Like many women across America, Carly Mednick was struck by the leaked documents from the U.S. Supreme Court that effectively guaranteed an overturn of Roe v. Wade, a case that has guaranteed the right for women to have abortions for nearly a half-century. The 28-year-old co-founder of New York City-based recruitment agency Monday Talent immediately messaged her company’s other two co-founders to talk. The conversation led them to offer a new benefit: abortion coverage. The company now offers to comp the cost, transportation, and lodging for women who may need to travel out of state to get the procedure.
“We were like, yeah, obviously, this is what we’re gonna do,” says Mednick. “There was no hesitation or a moment where we ever thought anything different.”
While most of her 17 employees reside in New York and California, where abortion will likely remain legal even if Roe is overturned, a few of them live in states where the procedure may be outlawed entirely after the decision. Twenty-two states have laws on the books that impose very strict restrictions on abortion, including 18 states that would either ban abortion outright or allow the procedure only in limited circumstances should the High Court overturn Roe. She also wanted her employees, who are all remote, to have the option to relocate without worrying about the ability to get the procedure if needed.
Monday Talent is not the first company to administer the new benefit. Many large firms including Yelp, Salesforce, Citigroup, and Bumble have already announced plans to help employees cover similar expenses for themselves or their spouses. The founder of New York City-based fintech software firm Alloy, Laura Spiekerman, decided to offer it after the state of Texas passed the nation’s most restrictive reproductive rights laws in January.
Alloy, an Inc. 2022 Best Workplaces company, now covers 50 percent of legal expenses, up to $5,000, up to $1,500 for travel expenses, and another $1,500 for additional out-of-pocket costs for any of her roughly 250 employees, many of whom are remote, navigating newly enacted anti-abortion laws. While Alloy’s health insurance already covers the cost of getting an abortion, Spiekerman says the additional money felt like a “natural extension” of what the company already offers.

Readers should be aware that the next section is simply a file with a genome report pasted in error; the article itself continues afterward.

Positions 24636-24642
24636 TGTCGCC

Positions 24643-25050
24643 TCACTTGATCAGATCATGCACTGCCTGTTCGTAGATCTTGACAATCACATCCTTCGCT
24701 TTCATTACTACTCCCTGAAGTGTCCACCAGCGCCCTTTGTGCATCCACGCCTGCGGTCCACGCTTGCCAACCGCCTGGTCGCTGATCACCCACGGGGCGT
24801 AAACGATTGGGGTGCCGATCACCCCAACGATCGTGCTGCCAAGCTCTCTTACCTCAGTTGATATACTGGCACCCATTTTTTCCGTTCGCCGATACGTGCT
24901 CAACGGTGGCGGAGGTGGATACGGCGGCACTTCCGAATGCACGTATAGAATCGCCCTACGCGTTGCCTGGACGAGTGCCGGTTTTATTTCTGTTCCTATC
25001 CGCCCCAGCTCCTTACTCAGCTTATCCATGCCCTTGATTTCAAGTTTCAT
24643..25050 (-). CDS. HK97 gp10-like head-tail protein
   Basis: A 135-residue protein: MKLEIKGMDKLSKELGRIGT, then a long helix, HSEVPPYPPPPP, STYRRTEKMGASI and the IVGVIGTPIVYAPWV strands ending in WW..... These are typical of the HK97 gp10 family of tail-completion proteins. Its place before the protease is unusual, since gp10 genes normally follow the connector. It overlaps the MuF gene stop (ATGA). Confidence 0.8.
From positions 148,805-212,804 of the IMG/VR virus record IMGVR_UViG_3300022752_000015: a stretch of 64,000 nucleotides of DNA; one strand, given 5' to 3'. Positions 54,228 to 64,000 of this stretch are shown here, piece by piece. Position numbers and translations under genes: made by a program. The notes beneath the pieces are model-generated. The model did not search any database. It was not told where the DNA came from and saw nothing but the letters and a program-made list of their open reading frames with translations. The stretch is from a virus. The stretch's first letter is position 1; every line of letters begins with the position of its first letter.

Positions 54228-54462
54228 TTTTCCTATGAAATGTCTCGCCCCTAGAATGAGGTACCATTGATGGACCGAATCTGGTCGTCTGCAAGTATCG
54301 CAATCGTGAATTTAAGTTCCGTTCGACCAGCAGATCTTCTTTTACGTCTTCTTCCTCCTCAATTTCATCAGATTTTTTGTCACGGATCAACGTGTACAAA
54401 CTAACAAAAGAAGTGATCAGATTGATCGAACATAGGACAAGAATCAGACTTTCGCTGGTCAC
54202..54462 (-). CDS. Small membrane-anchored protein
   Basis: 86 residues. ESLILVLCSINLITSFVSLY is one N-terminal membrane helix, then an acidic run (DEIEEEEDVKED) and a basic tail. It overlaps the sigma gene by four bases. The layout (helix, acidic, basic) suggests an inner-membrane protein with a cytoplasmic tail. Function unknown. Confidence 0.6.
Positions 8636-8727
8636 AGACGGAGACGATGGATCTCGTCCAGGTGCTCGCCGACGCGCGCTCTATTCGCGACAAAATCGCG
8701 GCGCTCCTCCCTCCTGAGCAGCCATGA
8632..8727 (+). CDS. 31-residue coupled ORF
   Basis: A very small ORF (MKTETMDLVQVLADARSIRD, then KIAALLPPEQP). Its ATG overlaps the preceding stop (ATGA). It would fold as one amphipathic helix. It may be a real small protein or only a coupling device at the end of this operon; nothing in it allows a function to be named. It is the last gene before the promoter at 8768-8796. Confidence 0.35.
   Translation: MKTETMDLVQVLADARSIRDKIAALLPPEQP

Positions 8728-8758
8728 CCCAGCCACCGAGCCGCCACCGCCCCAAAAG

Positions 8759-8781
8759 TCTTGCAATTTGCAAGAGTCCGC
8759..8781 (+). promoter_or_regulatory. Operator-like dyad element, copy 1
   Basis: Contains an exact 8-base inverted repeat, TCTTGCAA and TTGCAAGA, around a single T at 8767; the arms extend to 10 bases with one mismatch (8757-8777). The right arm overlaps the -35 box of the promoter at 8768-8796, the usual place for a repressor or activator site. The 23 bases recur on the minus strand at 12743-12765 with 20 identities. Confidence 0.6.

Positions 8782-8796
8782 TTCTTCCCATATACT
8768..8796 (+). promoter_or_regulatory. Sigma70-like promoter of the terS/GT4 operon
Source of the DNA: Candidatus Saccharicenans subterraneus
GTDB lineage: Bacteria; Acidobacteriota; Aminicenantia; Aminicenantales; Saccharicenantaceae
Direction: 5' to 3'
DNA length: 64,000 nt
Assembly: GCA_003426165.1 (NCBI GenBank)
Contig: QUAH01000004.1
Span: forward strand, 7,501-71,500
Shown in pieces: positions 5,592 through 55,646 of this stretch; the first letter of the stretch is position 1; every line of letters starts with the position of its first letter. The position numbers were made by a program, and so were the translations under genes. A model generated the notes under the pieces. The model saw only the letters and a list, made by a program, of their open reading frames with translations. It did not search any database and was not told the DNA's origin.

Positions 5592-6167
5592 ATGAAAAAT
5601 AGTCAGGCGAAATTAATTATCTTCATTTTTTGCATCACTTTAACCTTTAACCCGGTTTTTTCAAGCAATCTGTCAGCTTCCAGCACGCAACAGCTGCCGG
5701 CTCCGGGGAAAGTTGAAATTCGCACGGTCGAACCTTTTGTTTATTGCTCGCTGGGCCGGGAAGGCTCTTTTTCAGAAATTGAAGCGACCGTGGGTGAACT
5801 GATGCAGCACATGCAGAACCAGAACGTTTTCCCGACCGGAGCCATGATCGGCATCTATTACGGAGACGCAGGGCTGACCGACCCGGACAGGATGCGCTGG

But that doesn’t mean wading through the morass of your health insurer’s coverage options will be easy. Whether your employees are able to access reproductive care through their insurance depends largely on their benefits package and whether your company offers fully insured or self-funded plans.
Companies with self-funded plans–or plans that are funded by third-party insurers–through private insurance are able to decide what they choose to cover, so ensuring the option is available could be as easy as contacting your health care representative. Many businesses are unaware that they already have it as part of their plans or that they can ask for it, notes Laurie Sobel, associate director for women’s health policy at the Kaiser Family Foundation, a nonprofit organization focused on health care.
“It’s one of those black hole parts of coverage,” she says. “Unless your company was really focused on abortion coverage, you might not realize that it wasn’t included in your plan.”
If your company is fully insured, which most small businesses are–only 21 percent of small businesses offer self-insured plans–it gets a little more complicated. There’s nothing the state can do in terms of what they offer to their employees, except in a civil liability situation, notes Sobel. Since fully insured plans are offered through the state, employees won’t have access to abortion care if the procedure is outlawed. Ten states currently restrict insurance companies from covering abortion in state-regulated private plans and nine of those 10 states permit abortion riders. That break down will surely expand if the Supreme Court overturns Roe.
The cost of paying for the procedure out of pocket largely depends on how far along a woman is into her pregnancy. The median patient charges of getting an abortion from 2017 to 2020 was $560 and increased to $575 for abortions performed during the first-trimester and $895 during the second-trimester, according to an April 2022 study published in Health Affairs.
That doesn’t include the cost of traveling, should you need to cross state lines or head to another city for a procedure. If you’re located in one of the country’s 27 “abortion deserts,” or major cities across the country where people must travel 100 miles or more to obtain abortion care, as the study says, you also have to add on travel fees.
The proportion of facilities that accept insurance also decreased from 2017 to 2020 to 80 percent, down from 89 percent–and that trend is likely to continue if more states outlaw the procedure entirely. Also be wary of aiding and abetting laws, such as those in Texas that allow individuals to sue anyone helping others get abortions after six weeks of pregnancy.
Another option could be to offer contraception to employees, especially long-acting reversible contraception like vasectomies, iUDs, and other hormonal implants that often aren’t covered under insurance. Those procedures, depending on type, cost around $800 to $1,200, which is often out of reach for women and men on the lower end of the income spectrum, says Rita Gunther McGrath, professor of strategy and innovation at Columbia Business School.
“If I’m an employer, I’d want to deal with a before-the-fact prevention of an issue, rather than an after-the-fact coping with the issue,” says McGrath. “Particularly for people of childbearing age, it’s a benefit I would make available.”